Montenegrin cuisine… does it really exist? Yes, but it is specific for each region, reflecting the country’s geographic position, culture and history. It goes without saying that the influence of the cuisine of several other nations – Serbia, Italy, Croatia and Turkey – makes it rich in the most varied dishes and tastes.
Of course, there are a lot of traditional dishes to try. Perhaps one of the better-known is “priganice” (photo 1). These fritters or small airy doughnuts are served with home-made honey, but sometimes also with jam or cheese. Guests arriving in a Montenegrin home will often be welcomed with “priganice”, but they are also offered by national restaurants, and their popularity is still rising among the tourists. A wonderful snack with a bottle of Nikšić beer, a glass of home-made “lozovača” (grape brandy) or a cup of herbal tea!
What else can you eat in Montenegro? If you know in which region somebody lives, you can guess what s/he eats, as people usually take what the environment has to offer. But when you are invited in a Montenegrin home, take care, don’t eat or drink too much: the Montenegrins are exceptional hosts who will always try to offer you a varied selection of traditional meals and drinks in enormous quantities!
I must say that I prefer the light food that is served in the central part of Montenegro (lake cuisine) and along the coast. But that doesn’t mean that I don’t like to eat specialties from the mountains: for instance, “kačamak” (polenta with buttered potato and kajmak, served with yoghurt) or “raštan” (a slightly bitter, sturdy vegetable from the cabbage family) that is cooked into a stew with white potatoes and “kastradina”, i.e. smoked mutton or sheep. And of course, I love lamb “under the bell”, which means that the meat is put under an iron pan, the so-called “sač”, and then covered by ember and ashes. Very tasty indeed, especially if you combine it with a glass of Vranac, the famous red wine produced in the central part of Montenegro.
A traditional meal that is served in our home at least once a month is “stuffed peppers” (photo 2). It’s true, this food is also typical for some other countries of the Balkans, but I would warmly recommend you to try the Montenegrin variant during your stay in the country. This also applies to grilled meat: čevapčići (small meat balls) and pljeskavica (a kind of hamburger) with onions that can be found on the menu of both national restaurants and fast food establishments. Maybe that is the reason why Montenegro is one of the very few countries in the world without a McDonald’s restaurant?
Apart from its key traditional dishes, Montenegro is also famous for its prosciutto, known locally as “Njeguški pršut”, and its cheese, “Njeguški sir”. Both of these products come from the village of Njeguši that is situated under the peak of Mount Lovćen, on the road between Kotor and Cetinje. If possible, you should buy these products directly from the villagers (photo 3). What makes the prosciutto so special? Well, its particular taste and aroma are the result of the mixture of sea and mountain air, and the beech wood used for smoking it.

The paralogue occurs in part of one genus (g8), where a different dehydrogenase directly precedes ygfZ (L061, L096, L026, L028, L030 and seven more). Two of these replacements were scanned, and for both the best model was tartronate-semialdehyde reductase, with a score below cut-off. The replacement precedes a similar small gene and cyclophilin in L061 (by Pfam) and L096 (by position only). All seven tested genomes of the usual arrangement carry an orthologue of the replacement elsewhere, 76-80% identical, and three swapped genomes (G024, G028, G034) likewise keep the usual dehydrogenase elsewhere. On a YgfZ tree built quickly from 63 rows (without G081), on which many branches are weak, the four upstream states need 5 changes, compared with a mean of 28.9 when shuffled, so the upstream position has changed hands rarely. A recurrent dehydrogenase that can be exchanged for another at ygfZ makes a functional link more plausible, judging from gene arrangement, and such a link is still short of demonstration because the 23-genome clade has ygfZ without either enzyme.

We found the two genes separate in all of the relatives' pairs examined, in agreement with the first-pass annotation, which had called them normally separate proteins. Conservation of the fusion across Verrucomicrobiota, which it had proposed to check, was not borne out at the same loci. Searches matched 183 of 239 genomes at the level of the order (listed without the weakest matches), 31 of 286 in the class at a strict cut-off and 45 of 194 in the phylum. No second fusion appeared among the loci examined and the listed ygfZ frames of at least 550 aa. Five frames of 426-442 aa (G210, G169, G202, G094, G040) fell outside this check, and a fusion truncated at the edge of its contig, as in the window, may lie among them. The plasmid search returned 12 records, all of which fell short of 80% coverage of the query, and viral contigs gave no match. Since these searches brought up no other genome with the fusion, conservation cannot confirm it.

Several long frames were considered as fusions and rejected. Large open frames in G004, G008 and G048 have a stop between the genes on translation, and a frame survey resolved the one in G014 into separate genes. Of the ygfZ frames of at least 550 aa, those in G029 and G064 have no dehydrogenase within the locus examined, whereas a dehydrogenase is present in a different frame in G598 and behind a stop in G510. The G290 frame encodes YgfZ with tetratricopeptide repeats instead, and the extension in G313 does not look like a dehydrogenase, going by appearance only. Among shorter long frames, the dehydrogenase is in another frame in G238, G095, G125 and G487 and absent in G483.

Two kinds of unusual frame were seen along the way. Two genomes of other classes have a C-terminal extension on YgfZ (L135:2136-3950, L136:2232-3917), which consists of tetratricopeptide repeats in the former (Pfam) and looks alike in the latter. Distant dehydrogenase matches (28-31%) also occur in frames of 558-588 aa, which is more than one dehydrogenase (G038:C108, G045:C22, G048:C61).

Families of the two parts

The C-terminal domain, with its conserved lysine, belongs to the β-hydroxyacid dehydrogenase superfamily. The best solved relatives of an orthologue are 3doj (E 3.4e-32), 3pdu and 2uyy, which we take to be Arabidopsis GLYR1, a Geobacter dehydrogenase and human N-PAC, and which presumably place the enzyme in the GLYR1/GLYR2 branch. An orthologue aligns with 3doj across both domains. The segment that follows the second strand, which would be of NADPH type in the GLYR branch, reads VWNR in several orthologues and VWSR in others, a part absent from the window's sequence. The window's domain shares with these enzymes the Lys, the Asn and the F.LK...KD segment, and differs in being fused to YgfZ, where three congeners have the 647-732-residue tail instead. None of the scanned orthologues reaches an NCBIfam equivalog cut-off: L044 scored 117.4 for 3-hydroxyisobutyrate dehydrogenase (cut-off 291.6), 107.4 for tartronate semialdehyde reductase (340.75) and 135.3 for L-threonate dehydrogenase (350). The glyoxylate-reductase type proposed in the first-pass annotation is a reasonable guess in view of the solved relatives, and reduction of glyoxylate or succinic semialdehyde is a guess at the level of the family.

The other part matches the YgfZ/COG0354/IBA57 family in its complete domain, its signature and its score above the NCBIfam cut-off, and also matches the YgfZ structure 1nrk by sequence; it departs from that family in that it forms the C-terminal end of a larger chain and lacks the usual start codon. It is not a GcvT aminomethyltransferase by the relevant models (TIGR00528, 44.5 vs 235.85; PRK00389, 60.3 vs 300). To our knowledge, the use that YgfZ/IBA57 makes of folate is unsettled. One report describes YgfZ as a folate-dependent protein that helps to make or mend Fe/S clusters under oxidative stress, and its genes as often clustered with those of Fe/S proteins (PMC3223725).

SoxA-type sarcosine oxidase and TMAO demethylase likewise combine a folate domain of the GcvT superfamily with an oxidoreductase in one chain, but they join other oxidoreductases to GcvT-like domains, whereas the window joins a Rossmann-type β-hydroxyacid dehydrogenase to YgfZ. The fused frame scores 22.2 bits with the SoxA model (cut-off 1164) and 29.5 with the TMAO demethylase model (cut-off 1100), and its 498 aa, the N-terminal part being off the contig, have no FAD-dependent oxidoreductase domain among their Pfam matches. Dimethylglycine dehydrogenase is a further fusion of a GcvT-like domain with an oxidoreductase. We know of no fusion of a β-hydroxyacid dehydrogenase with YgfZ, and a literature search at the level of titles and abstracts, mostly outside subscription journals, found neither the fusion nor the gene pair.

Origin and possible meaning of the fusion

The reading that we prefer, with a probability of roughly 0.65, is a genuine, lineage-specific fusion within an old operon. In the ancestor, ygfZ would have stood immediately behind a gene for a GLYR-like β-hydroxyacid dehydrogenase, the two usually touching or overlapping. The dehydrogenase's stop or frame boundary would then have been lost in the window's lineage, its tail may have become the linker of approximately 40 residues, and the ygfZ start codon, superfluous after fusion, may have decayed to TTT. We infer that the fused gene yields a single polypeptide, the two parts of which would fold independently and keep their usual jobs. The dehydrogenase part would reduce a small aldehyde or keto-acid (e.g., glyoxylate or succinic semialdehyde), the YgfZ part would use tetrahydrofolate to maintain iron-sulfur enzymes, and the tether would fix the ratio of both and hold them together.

The area around Skadar Lake is well-known for its carp, eel and small bleak, which is caught in large quantities. Specialties of the lake cuisine are carp in a frying pan, prepared with dried plums, apples and quince; carp fried with onions; eel with rice; thick fish soup; smoked bleak… Tourists from Western Europe are often reluctant to eat carp, but believe me: carp from Skadar Lake is really delicious, in particular smoked carp (photo 4). Give it a try!
After mentioning all these delights from the continental part of Montenegro, I must admit that I adore the fine Mediterranean cuisine on the seaside, which is based on seafood, fish, cereals and olives. Fish (bream, sea bass, barb, mullet, etc.) is mainly grilled, boiled, stewed and fried. Especially grilled fish is superb, as it is sprinkled with aromatic herbs and served with a topping made of garlic, parsley and olive oil, boiled potatoes and chard. But also sea food like octopus, mussels, squids, oysters and prawns are an excellent choice in all fish restaurants on the coast (photo 5). And don’t forget to order a glass of Krstač, a wonderful Montenegrin white wine.
So, now you can finally relax with a dessert. Do you like “kolači”? This is a general name for different types of cookies and cakes (photo 6). Of course, there are many of them: apple pies, butter biscuits with powdered sugar topping, fruit tarts, waffle cakes with fillings, nut cookies and different types of Turkish pastry. Or maybe you prefer “palačinke”? These thin pancakes are popular in many countries of Eastern Europe. In Montenegro they are filled with honey and chopped walnuts, jam or chocolate. Palačinke are made in almost every café, restaurant and often at street stands as take-away.
Visitors of Montenegro, if you love food, I am sure that you will be happy to experience the country through its cuisine, as the culinary delights of Montenegro represent the country’s culture, its identity and its turbulent history in a very special way.